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Rush Kids: Talk radio's generation

By Hans Zeiger
web posted December 20, 2004

When I was younger, I dreamed of someday being a radio talk show host. I distinctly recall the evening in 1993 when, at the age of 8, I turned on the Kirby Wilbur show on Seattle's "Hot Talk" 570 KVI. Talk radio thereafter became a sort of second classroom for me, a weighty counterbalance to the moral neutrality and civic illiteracy of my public school.

I count among my teachers Mr. Wilbur, Rush Limbaugh, Michael Medved, John Carlson, Michael Reagan, Floyd Brown, and others who came over the airwaves at various times during my growing-up years. Rush calls his program the Limbaugh Institute for Advanced Conservative Studies, and this student of talk radio has school spirit. I've never known a time when there wasn't conservative talk radio.

Talk radio grows larger in bandwidth, talent, and influence as time goes on. When Rush first came on the national airwaves in 1988, his Seattle affiliate was an Oldies station. Today, the burgeoning demand that has developed around the Rush Limbaugh Show has brought two conservative radio stations into prime competition in the Seattle market. Twenty million Americans listen to Rush on over 600 stations every week. According to the American Radio News Audience Survey, 30 percent of Americans who listen to radio news can be classified as light or heavy listeners to news through talk radio stations.

But I never truly appreciated the importance of talk radio in American political culture until Rush Limbaugh read one of my columns on his program last March. "This op-ed here by Mr. Zeiger is just an example of the kind of thinking that's going on out there in young people's minds and hearts," he said, "because they're just as frustrated as you are. They're mature beyond their years and they're just as frustrated as you are this stuff is happening, but they look at it: all this stuff has been tried isn't working. They want to fix it, not just talking about it. So there's reason to be optimistic is the point."

Indeed, it is an optimistic time to be a patriot. There are plenty of reasons to be pessimistic too - there always are, and quite literally the world is dying - but pessimism has a funny way of becoming self-fulfilling. We ought to be optimistic about the future of this country, not because everything is going the right way, but because we have the right ideals. We should have such confidence in the strength of our ideals, such faith that they will endure, and such trust in our God, that we never hesitate to partake when a feast of hope is presented before us.

And I am convinced, having grown up on talk radio, that Rush Limbaugh, Sean Hannity, Dennis Prager, Laura Ingraham, Larry Elder, G. Gordon Liddy, and all of the others have played a significant part in the battle of ideas in our time. It is largely due to their presence on the AM dials of the big cities and small towns of America that many of the most important advances have been made in the popular revival of conservative ideas. It is because of Rush Limbaugh in particular, that as he said, "there's reason to be optimistic."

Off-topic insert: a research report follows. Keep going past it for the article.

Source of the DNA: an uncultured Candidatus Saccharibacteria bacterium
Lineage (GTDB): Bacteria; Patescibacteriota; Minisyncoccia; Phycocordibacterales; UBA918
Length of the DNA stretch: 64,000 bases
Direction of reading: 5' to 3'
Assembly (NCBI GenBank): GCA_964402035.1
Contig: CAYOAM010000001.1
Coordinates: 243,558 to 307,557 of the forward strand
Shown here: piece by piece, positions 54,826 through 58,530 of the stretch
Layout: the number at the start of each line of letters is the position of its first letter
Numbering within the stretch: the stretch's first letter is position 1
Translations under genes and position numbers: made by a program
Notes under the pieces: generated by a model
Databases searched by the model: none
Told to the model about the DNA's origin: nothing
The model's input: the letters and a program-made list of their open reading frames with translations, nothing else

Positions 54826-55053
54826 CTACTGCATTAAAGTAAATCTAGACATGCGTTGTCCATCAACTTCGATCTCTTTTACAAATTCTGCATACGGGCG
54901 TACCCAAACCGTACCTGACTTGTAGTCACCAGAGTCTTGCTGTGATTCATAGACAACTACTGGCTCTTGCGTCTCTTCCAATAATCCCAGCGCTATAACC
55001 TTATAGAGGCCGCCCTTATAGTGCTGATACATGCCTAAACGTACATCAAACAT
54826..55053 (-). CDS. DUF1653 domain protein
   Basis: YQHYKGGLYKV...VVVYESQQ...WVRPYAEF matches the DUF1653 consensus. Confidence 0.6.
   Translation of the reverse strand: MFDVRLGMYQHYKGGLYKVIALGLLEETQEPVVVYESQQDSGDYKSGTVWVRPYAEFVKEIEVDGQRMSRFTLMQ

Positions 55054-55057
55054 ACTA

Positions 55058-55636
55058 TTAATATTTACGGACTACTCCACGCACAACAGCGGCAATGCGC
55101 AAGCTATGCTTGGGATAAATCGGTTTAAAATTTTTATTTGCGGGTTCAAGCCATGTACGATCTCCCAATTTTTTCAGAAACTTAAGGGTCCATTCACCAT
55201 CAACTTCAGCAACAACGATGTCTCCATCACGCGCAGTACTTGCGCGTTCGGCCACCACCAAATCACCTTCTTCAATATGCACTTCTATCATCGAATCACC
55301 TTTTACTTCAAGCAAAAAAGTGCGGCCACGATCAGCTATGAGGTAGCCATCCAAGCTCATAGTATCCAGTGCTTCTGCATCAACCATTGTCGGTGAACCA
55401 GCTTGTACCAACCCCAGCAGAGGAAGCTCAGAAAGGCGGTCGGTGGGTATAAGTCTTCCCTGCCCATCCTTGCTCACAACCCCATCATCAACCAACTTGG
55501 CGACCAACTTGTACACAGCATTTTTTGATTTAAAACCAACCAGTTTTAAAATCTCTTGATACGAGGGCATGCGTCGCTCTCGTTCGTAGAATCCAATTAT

ABC News correspondent Carole Simpson is quite pessimistic about the fact that young people are tuning into talk radio. At a post-election National Press Club forum, as transcribed by David Wilmouth of the Media Research Center, Ms. Simpson erupted, "The children are saying, 'Well, I hear Rush Limbaugh,' and I said, 'That's not the news.' And they go, 'But he's talking about news things.' Okay, that's really scary when I hear them say that they think they're getting the news, they can't make the separation between the New York Times and ABC News and NPR and the talk shows Hannity and Colmes or Bill O'Reilly. It's all the same to them. That's all the news, Entertainment Tonight, it's all the news. So it's been a very frightening thing to me. I am scared. I am going to admit to you that I'm scared."

While Ms. Simpson is scared, let us take heart that the talk radio revolution is bearing fruit.

Young conservatives are on the move, thanks to motivation from our teachers on the air. Rush says that conservatism is advancing among young Americans because "they've grown up this way. They've had it around them, which is new."

Conservatism is cool these days. Combined with the internet, FOX News, and vibrant conservative print publications, talk radio has the potential not only to shape public opinion, but to mobilize public action for a generation of young conservatives.

Finally, parents should never underestimate the power of talk radio in the hearing of their kids. It just might save the country.

Hans Zeiger is president of the Scout Honor Coalition and spokesman for the Scouting Legal Defense Fund. He is a student at Hillsdale College.


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